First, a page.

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Crisis center for mentally ill patients planned
Decatur Daily - 7/25/2021
Jul. 25—Help for the mentally ill is coming soon for the Decatur area with the Mental Health Center of North Central Alabama's planned construction, with assistance from the state, of a crisis center on U.S. 31 South.
The 16-bed, 12,000-square-foot center will be built on property owned by the Alabama National Guard and on an adjacent property where the former State Trooper post is located, Mental Health Center Executive Director Lisa Coleman said.
"We've been working on this for two years," Coleman said. "We've got to secure the land (roughly 9 acres between the two properties), but we're already working with an architect so we could be up and running by the 2022-23 fiscal year."
State Sen. Arthur Orr, R-Decatur, has been Coleman's main advocate in helping put the many parts of the deal together. They found out that the Mental Health Center's building at U.S. 31, next to what was once the Lurleen B. Wallace Center, was actually titled to the National Guard. The National Guard bought the property for a planned training center that never materialized.
Orr said the National Guard sold most of the 160-acre Wallace Center property to the Alabama Institute for the Deaf and Blind, but kept about 5 acres where the center's Decatur-Morgan Counseling Center is located "to protect" the Mental Health Center.
Orr said he then approached the Alabama Law Enforcement Agency about donating the adjacent 4-acre property that is the site of the abandoned State Trooper post.
"I told (ALEA head) Hal Taylor, 'If you're not using the property, we need it,'" Orr said.
Orr said he got $1.2 million allocated to the Alabama Department of Mental Health, to be used by the Mental Health Center for the new crisis center, in the state's fiscal 2022 budget.
Coleman said the Department of Mental Health committed to providing funding for the project. Her initial estimate was $2.4 million but she and Orr said they expect building the center will exceed that cost.
Coleman said the state Mental Health Department did a statewide assessment of the gaps in mental health, and the "Alabama Crisis Redesign" plan came out of this study.
She said the study found that in 2013-14 Morgan, Limestone and Lawrence — the three counties that her center covers — plus the Riverbend area of Lauderdale, Colbert and Franklin counties lacked the beds it needed for the mentally ill.
Coleman said these counties did not receive crisis centers when other parts of the state did seven years ago and population growth since them has resulted in a critical shortage of beds for the mentally ill. — Involuntary commitment
When Morgan County Probate Judge Greg Cain and other probate judges receive a petition for involuntary commitment and determine the person is mentally ill, a danger to himself or others and can't make rational decisions about treatment, they need a facility with available beds so the person can be treated during the commitment period.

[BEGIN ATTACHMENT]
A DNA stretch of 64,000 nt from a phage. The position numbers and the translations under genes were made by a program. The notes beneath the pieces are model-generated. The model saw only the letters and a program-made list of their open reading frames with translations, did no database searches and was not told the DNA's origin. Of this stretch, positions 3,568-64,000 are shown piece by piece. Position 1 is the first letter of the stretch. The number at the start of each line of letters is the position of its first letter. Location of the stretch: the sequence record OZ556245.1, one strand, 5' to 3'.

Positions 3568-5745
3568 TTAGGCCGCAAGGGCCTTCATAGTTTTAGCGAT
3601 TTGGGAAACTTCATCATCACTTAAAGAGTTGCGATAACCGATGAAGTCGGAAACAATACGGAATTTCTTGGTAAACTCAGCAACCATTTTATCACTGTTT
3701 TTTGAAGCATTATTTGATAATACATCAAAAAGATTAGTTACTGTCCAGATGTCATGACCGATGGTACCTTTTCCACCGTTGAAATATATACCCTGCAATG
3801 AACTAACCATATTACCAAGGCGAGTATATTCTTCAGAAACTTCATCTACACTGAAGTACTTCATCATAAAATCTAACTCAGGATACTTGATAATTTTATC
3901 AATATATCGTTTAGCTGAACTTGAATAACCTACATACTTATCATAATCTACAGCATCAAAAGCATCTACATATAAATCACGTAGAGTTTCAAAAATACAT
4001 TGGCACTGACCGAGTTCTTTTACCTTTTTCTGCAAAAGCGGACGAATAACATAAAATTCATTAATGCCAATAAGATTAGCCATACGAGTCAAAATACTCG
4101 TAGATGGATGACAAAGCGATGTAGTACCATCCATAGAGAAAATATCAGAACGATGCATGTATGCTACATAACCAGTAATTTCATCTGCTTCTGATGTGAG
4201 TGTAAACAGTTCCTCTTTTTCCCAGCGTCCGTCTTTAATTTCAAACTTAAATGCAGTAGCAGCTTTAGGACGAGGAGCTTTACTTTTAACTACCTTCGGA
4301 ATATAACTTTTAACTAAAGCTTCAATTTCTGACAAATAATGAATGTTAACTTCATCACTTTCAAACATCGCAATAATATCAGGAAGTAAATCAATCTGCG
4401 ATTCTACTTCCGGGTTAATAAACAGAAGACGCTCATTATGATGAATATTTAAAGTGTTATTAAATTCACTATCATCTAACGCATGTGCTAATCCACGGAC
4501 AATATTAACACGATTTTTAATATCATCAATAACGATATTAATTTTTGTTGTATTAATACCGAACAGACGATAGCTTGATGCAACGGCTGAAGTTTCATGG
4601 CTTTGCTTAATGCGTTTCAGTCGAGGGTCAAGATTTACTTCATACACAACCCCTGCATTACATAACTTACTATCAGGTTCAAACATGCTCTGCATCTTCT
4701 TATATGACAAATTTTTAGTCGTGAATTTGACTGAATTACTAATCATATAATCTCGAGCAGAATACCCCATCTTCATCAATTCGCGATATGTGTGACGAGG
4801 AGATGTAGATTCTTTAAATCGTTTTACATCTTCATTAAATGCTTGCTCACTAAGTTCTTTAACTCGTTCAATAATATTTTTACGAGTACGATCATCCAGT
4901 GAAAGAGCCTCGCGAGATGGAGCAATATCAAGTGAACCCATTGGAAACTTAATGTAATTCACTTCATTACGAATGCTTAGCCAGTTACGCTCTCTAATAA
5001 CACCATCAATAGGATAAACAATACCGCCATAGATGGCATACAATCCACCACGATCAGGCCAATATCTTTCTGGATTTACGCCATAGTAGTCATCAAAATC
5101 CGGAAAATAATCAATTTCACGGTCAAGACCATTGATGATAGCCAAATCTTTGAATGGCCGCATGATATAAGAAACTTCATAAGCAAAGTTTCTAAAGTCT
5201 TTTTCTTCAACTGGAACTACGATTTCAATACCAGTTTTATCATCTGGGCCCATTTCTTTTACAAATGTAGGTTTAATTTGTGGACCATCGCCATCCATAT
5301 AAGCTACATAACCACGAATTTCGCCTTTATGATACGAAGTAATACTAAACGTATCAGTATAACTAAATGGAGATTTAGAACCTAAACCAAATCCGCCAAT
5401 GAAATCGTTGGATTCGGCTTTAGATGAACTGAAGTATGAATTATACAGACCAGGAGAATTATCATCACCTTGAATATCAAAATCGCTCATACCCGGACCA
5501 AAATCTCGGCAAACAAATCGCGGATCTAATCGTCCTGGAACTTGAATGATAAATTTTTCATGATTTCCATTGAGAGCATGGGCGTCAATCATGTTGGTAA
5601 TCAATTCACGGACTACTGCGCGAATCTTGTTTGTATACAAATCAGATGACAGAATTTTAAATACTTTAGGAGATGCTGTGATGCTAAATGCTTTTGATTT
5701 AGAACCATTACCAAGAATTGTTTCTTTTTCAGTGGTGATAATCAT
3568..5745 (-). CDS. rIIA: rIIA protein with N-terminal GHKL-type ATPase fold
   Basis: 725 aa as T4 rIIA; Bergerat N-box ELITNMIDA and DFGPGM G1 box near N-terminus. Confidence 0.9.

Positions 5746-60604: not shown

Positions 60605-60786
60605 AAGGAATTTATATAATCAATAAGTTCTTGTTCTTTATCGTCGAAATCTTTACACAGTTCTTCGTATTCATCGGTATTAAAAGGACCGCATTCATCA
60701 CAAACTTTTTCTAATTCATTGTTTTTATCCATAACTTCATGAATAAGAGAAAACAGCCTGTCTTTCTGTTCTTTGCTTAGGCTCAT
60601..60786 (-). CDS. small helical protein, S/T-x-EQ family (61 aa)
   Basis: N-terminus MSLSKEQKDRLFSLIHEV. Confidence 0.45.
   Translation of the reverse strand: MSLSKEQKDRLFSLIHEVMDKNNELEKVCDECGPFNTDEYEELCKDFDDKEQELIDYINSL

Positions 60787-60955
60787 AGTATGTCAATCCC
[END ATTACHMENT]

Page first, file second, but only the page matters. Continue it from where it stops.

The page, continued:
For Cain, that has become a huge challenge. The committed person must be sent to facilities in Cullman, Madison, Jasper or Anniston on the rare occasion that one of the facilities has beds available.
"That means two deputies have to leave Morgan County and take all of that time to drive a patient to one of those cities," Orr said.
Cain said Decatur Morgan Hospital — West Campus, a mental health facility, has 10 beds for adults plus beds for children and geriatric patients. Decatur-West takes voluntary patients, not just those who are committed by courts in the area, and it stays full most of the time.
"Once we contact Decatur-West and find out that a bed is available, the person has to be transferred to the ER to make sure they are medically stable and not on any drugs," Cain said.
Cain said the patient is held at the hospital until the judge can hold the involuntary commitment hearing. If he rules the patient should be committed, the patient then has to wait for a bed to open in one of the four cities.
Cain said he usually has three to four commitment petitions active on a weekly basis, and he often has to delay the hearings because he knows no beds are available if he commits the patient. It does no good to order a patient placed in the custody of the state Department of Mental Health unless a mental health facility has a place for the patient.
"The situation is extremely bad," Cain said. "It's not enough, but adding 16 beds will be a great help."
Cain said a patient can be committed for up to 150 days. The facility director can discharge a patient at any time if he or she "decides the person is stable." At the end of 150 days, the facility has to file for re-commitment if the doctor believes more time is needed. A re-commitment can be granted for up to one year.
Coleman wasn't sure how many people the new center will employ. She said it would employ psychiatrists, nurse practitioners, case managers, peer support specialists and many more.
"We would need enough employees for three shifts to cover 24 hours, seven days a week," Coleman said.
— firstname.lastname@example.org or 256-340-2432. Twitter @DD_BayneHughes.
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